Quantitative analysts, or "quants," working in the financial industry use mathematical and statistical techniques to study, measure, and evaluate financial instruments, financial markets, and the behavior of market participants. Quantitative financial analysts work in all kinds of firms in the securities industry, including commercial banks, investment banks, wealth management firms, and hedge funds. Insurance companies, management consulting firms, accountancy firms, and financial software companies also employ quantitative analysts.
While a quantitative analyst's focus can vary quite a bit from job to job, the basic work typically revolves around the development and construction of mathematical models designed to provide insight into complex financial systems. These models may be used to price securities and derivative instruments, to inform the timing of trades, or to assess and manage various types of financial risk. Whatever the focus of the job, the information and insight produced by quantitative analysis are generally used to develop and carry out investment strategies and to inform the decision-making of the firm's investment managers or its investment clients.
- Quantitative analysts that work in the financial sector use statistical and mathematical techniques to evaluate economic data, financial instruments, and markets.
- Quantitative financial analysts work in commercial banks, investment banks, wealth management firms, and hedge funds, among many others.
- Earning a degree in physics, engineering, computer science, or applied math will help hone one's quant chops before entering the workforce.
Some quantitative financial analysts begin working in entry-level roles as research analysts after completing a bachelor's degree in a field that provides practical quantitative skills, such as statistics, finance, or economics. However, these positions do not typically lead to long-term, permanent careers in the field. Rather, junior quantitative research analysts usually either return to school or transition into closely related jobs, such as investment analyst positions researching companies and stocks.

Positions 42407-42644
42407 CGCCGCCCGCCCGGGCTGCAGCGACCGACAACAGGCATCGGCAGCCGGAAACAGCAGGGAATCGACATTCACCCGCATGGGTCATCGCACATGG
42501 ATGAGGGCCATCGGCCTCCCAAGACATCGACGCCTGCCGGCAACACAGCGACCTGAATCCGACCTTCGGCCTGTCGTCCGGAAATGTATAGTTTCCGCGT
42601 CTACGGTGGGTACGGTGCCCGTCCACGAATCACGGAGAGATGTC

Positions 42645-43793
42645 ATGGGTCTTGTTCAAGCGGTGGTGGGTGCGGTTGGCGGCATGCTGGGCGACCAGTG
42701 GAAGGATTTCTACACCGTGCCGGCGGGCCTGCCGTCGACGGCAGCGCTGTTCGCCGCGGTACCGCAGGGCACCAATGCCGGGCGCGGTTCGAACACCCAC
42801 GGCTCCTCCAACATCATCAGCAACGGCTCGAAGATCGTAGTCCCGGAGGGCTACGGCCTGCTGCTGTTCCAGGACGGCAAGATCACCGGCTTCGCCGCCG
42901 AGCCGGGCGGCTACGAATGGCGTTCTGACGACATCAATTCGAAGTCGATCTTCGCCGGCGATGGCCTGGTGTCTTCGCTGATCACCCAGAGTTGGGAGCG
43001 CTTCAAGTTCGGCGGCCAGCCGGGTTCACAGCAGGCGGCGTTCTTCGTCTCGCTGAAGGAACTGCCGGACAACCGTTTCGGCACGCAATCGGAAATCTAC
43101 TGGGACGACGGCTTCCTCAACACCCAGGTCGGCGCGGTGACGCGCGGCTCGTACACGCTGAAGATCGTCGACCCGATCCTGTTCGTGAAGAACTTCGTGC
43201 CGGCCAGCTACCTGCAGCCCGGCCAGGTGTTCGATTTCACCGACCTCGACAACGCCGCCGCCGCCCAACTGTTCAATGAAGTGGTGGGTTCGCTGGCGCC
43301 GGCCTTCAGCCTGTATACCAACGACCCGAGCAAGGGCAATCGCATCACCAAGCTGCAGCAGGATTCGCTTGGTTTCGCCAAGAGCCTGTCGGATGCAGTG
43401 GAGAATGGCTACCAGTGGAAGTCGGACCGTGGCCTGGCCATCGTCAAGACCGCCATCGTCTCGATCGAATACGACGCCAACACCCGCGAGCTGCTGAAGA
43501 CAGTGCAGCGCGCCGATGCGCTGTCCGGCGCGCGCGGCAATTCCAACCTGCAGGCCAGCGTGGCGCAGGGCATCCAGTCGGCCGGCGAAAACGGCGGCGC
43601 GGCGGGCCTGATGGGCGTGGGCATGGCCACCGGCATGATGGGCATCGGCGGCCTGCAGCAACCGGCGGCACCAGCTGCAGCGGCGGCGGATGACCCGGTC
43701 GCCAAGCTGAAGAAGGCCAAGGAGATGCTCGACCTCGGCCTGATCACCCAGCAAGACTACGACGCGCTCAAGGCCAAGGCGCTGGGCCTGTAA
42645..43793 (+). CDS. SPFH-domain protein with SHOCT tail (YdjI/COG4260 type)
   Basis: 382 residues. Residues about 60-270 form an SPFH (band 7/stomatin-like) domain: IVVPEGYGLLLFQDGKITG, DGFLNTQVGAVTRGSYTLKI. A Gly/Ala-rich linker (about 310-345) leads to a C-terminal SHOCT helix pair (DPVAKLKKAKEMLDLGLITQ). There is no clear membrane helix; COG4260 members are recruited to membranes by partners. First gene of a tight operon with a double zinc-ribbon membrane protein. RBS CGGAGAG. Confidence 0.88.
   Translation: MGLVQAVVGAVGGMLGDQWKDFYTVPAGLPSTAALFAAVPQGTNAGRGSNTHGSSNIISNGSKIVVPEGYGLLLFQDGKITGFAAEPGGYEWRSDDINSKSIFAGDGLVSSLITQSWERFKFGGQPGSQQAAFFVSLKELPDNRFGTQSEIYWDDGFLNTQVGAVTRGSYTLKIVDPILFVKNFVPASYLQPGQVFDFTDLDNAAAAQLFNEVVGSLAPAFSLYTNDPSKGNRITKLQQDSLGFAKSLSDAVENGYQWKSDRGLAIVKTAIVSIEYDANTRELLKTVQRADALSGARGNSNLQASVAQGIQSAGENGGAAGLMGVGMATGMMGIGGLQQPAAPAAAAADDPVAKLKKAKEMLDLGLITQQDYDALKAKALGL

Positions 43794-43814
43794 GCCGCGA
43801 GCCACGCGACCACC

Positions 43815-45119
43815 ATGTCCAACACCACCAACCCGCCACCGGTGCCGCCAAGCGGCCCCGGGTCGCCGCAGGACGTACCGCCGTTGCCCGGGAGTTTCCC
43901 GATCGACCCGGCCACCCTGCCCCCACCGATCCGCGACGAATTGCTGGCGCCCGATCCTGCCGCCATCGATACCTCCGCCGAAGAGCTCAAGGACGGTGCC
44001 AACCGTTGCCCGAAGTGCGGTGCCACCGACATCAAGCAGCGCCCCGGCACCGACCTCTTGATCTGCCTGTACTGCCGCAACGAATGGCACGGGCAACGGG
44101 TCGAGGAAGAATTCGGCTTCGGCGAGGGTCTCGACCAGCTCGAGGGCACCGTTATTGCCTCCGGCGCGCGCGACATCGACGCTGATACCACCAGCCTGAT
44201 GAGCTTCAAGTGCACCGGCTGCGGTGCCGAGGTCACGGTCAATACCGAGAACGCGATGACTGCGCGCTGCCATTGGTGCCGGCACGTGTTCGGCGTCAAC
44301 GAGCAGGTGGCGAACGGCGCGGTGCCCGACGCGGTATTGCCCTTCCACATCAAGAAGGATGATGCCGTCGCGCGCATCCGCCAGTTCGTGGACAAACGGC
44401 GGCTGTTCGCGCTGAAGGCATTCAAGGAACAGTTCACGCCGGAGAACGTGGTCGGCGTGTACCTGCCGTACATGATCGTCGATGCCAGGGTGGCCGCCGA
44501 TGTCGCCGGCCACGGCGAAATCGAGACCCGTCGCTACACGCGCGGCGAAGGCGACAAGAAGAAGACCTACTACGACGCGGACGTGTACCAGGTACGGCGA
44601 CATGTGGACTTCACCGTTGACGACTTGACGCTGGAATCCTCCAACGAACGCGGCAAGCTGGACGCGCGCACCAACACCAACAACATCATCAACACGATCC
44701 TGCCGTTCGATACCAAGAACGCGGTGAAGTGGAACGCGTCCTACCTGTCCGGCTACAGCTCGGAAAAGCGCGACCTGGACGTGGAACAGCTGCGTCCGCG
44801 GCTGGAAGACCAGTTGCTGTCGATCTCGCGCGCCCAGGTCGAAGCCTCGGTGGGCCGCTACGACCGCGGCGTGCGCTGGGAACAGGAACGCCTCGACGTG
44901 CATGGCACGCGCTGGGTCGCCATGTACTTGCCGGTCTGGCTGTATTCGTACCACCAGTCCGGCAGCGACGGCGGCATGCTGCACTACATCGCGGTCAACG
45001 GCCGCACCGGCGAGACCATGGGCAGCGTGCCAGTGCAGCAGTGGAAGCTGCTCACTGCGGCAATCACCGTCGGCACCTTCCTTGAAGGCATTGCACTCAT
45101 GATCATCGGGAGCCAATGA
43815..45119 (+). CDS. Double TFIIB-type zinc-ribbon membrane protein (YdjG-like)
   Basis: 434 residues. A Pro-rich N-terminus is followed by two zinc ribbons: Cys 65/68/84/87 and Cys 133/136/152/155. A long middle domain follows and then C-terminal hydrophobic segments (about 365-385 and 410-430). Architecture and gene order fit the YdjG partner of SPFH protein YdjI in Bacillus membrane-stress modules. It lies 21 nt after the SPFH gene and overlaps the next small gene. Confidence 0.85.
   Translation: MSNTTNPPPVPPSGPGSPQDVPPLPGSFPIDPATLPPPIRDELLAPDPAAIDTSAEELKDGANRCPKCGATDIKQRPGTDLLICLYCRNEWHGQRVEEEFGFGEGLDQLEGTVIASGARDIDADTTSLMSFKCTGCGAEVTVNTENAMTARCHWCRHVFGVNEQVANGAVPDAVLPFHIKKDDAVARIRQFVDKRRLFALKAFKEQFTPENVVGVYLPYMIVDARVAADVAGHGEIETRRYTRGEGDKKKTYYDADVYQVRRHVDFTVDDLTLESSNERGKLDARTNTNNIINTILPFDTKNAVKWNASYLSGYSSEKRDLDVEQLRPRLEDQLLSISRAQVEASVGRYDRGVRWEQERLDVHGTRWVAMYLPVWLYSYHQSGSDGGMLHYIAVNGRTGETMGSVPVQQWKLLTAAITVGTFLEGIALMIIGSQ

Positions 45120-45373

In the securities industry, quantitative analysts are typically hired for their expertise in complex mathematical modeling techniques, skills that require many years of training to develop. Consequently, most quantitative analysts come to the field after completing a master's degree or doctorate. Top candidates for analyst positions typically hold doctorates and have experience conducting independent research and designing mathematical models.
What does a Quantitative Analyst Do?
A long-term career as a quantitative analyst generally requires a graduate degree in a quantitative field such as finance, economics, mathematics, or statistics. Degrees in theoretical physics, engineering, computer science, and other fields that deliver high-level training in mathematical modeling and other advanced quantitative techniques may also be acceptable. Some doctorate-level professionals who want to transition into the financial industry from quantitative careers in non-finance fields choose to return to school to earn a master's degree in majors such as financial engineering or mathematical finance.
The average quantitative analyst salary in the U.S. in 2018, according to Glassdoor.com.
Other Qualifications and Skills
Few employers in this field require job candidates to hold a professional certification. However, some positions may require an appropriate license from the Financial Industry Regulatory Authority (FINRA), the organization in charge of oversight for securities firms and brokers in the United States. To begin the FINRA licensing process, a candidate typically must have official sponsorship from his or her employer. As a result, any licensing requirements for a position are usually handled after a new employee begins work.
Most quantitative financial analysts must have high proficiency in the database management skills and computer programming skills used to develop and implement mathematical models. The C++ programming language is generally considered the most important in the field, although requirements vary depending on the position. Other programming languages used in the field include Python, SQL, C#, Java, .NET, and VBA. Quantitative financial analysts should also have expertise in a statistical analysis software package such as Matlab, R, S-Plus, or SAS. Advanced skills in Excel are also required.
Analysts must have excellent written and verbal communication skills. In addition to developing new mathematical models and analytical approaches, analysts must be able to document and present the results of their work to others in the firm so that it can be put to use in day-to-day business. Analysts may be required to work with technology staff to design appropriate systems to run the models they create. Analysts should also expect to communicate with firm management and various business units to set research and design priorities.